Civil Discourse Now

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Syria: a "war" we should avoid, but one we probably will not avoid because corporations jones for a war.

   In "The Guns of August," Barbara Tuchman depicts the ways in which European powers blundered into what became World War I. A plot to kill Archduke Ferdinand while he visited Sarajevo, first botched, succeeded by the weird luck of one of the assassins rounding a corner at the same time as the Archduke's open-air car. Germany wanted an opportunity to use its military to gain hegemony in Europe. Various members of royalty wanted their countries to fight, as if war were a simple game for family pride. Few believed war would become a reality; that someone with sense enough to head off war would stop matters. Instead, we were treated to modern, all-out warfare, waged with poison gas and machine guns and primarily at stalemate over trenches that stretched in a jagged line across Europe. Thousands died in charges "over the top" that gained perhaps a few yards.

   The United States did not exactly sit on the sidelines. We provided materiel to the fight. Our economy grew while other countries fought. As Richard Hofstadter wrote in "The American Political Tradition":  "America became bound up with the Allies in a fateful union of war and prosperity." Prior to this country's entry into the war, over $2 billion worth of goods had been traded with France and Britain, although we traded with Germany, too. U.S. Steel made $348 million profit in 1916.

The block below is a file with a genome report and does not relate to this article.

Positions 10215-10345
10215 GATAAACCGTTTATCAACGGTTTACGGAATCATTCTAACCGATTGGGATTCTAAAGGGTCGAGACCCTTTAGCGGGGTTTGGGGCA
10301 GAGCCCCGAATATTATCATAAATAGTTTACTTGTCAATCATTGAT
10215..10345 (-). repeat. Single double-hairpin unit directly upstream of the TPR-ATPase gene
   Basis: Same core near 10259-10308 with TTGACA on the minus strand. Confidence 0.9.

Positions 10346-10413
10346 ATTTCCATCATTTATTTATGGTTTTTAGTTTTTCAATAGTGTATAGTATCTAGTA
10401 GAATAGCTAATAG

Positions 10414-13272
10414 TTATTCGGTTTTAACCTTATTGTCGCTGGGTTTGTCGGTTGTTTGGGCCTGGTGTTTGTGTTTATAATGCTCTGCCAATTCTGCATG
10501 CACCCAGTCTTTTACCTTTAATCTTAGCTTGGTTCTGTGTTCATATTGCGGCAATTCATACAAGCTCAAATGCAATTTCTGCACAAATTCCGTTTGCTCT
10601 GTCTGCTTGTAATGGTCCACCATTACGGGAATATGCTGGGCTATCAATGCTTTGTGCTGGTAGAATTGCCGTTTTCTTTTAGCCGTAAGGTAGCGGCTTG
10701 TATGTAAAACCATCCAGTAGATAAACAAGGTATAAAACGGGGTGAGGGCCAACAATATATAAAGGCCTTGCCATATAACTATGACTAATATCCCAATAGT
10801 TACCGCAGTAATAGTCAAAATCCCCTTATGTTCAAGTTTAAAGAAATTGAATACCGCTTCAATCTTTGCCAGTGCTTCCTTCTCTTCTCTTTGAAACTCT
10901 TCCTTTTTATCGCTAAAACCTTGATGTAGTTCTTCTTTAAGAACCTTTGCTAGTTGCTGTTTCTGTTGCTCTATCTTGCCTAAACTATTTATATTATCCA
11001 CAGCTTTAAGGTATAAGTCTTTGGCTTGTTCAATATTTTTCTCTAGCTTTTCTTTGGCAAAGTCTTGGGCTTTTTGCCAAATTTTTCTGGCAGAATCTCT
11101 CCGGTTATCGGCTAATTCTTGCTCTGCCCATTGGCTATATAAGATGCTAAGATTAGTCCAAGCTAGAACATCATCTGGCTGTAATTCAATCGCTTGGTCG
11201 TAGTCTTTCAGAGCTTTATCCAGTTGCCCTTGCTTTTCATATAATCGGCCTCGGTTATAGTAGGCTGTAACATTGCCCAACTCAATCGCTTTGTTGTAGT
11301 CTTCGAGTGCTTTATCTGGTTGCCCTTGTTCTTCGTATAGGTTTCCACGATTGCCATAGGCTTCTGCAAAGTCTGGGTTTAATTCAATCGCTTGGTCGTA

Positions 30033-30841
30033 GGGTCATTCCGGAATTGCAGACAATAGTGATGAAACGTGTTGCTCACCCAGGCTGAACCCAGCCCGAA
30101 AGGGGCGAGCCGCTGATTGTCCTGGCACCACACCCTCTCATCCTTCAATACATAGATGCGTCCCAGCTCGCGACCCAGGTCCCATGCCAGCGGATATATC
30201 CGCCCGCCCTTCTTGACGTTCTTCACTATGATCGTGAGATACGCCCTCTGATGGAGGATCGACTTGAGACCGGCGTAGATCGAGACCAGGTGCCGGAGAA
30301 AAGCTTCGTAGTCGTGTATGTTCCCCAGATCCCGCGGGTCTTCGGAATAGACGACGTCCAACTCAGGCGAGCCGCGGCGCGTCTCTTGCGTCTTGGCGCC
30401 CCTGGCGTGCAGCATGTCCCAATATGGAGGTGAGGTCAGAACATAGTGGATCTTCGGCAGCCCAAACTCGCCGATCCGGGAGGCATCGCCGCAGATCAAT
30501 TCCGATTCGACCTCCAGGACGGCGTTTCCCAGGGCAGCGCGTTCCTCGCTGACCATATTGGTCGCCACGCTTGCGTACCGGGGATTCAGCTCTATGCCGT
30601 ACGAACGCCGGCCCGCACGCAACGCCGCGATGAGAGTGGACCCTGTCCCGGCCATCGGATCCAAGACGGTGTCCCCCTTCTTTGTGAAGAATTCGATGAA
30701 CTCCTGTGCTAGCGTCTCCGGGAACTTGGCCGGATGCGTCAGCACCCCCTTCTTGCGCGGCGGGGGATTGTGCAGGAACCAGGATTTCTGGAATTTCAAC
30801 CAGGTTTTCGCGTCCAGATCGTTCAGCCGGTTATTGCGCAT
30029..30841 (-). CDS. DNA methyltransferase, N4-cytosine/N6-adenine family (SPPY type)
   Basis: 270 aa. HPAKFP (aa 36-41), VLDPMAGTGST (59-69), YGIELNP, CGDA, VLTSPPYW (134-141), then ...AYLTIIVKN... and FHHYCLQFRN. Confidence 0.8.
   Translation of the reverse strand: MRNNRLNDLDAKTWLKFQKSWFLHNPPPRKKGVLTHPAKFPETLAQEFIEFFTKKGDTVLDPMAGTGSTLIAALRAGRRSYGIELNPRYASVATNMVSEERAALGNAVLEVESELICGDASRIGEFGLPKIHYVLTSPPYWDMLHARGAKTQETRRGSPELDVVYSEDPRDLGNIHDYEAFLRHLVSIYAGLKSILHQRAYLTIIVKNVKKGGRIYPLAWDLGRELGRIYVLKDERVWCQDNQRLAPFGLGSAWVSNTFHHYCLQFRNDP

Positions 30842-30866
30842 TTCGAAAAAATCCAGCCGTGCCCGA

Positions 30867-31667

In 1914 there were a lot of guns in a relatively small place (Europe) with egos astir. Russia, this week, has dispatched naval vessels to the Middle East. Vladimir Putin is a man driven by ego and testosterone. He also has people assassinated and maintains an iron grasp on Russia. (In light of the comment that he has people assassinated, I just want to say: Vlad! Dude! Don't take that the wrong way. We're buds, okay?) He is a brutal dictator. So is Assad in Syria. There are a lot of guns there already.

   We have sold much of the weaponry in the Middle East. As I understand matters, we sold chemical weapons and technology to manufacture chemical weapons to Saddam Hussein when we thought he was a "good" dictator in the early 1980s. That was under Ronald Reagan. Once Saddam became a "bad" dictator and we overthrew him, the chemical weapons and technology ended up in Syria. We already have contributed significantly to this mess.

   Let us go a few steps farther. On whose side shall we fight? It appears that neither side wants to side with the world's biggest military power---because we have screwed up so much in the past (especially on both Bush II's and Obama's watches). Assad doesn't like us. We don't like Assad. But Assad has the backing of Russia and China and, therefore, we shall not be able to forge an alliance via the United Nations because Russia and China each hold vetoes on the Security Council. As for the rebels, we don't like them, either. They are connected to Al Qaeda, and other groups that hate us.

   Syria has killed its own people with poison gas. That is tragic. We should not have sold the technology to Iraq, and then the question might be simpler. The "bottom line" though is that there is no strategic objective for us that would not entail potential confrontation with Russia. If there is to be "war," then let it be in the form of a declaration of war as required by the Constitution.         

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Comment by Mark Small on September 3, 2013 at 5:09am

Okay. Lockheed-Martin, any petroleum company, the variations of Halliburton, and these are just for a start.

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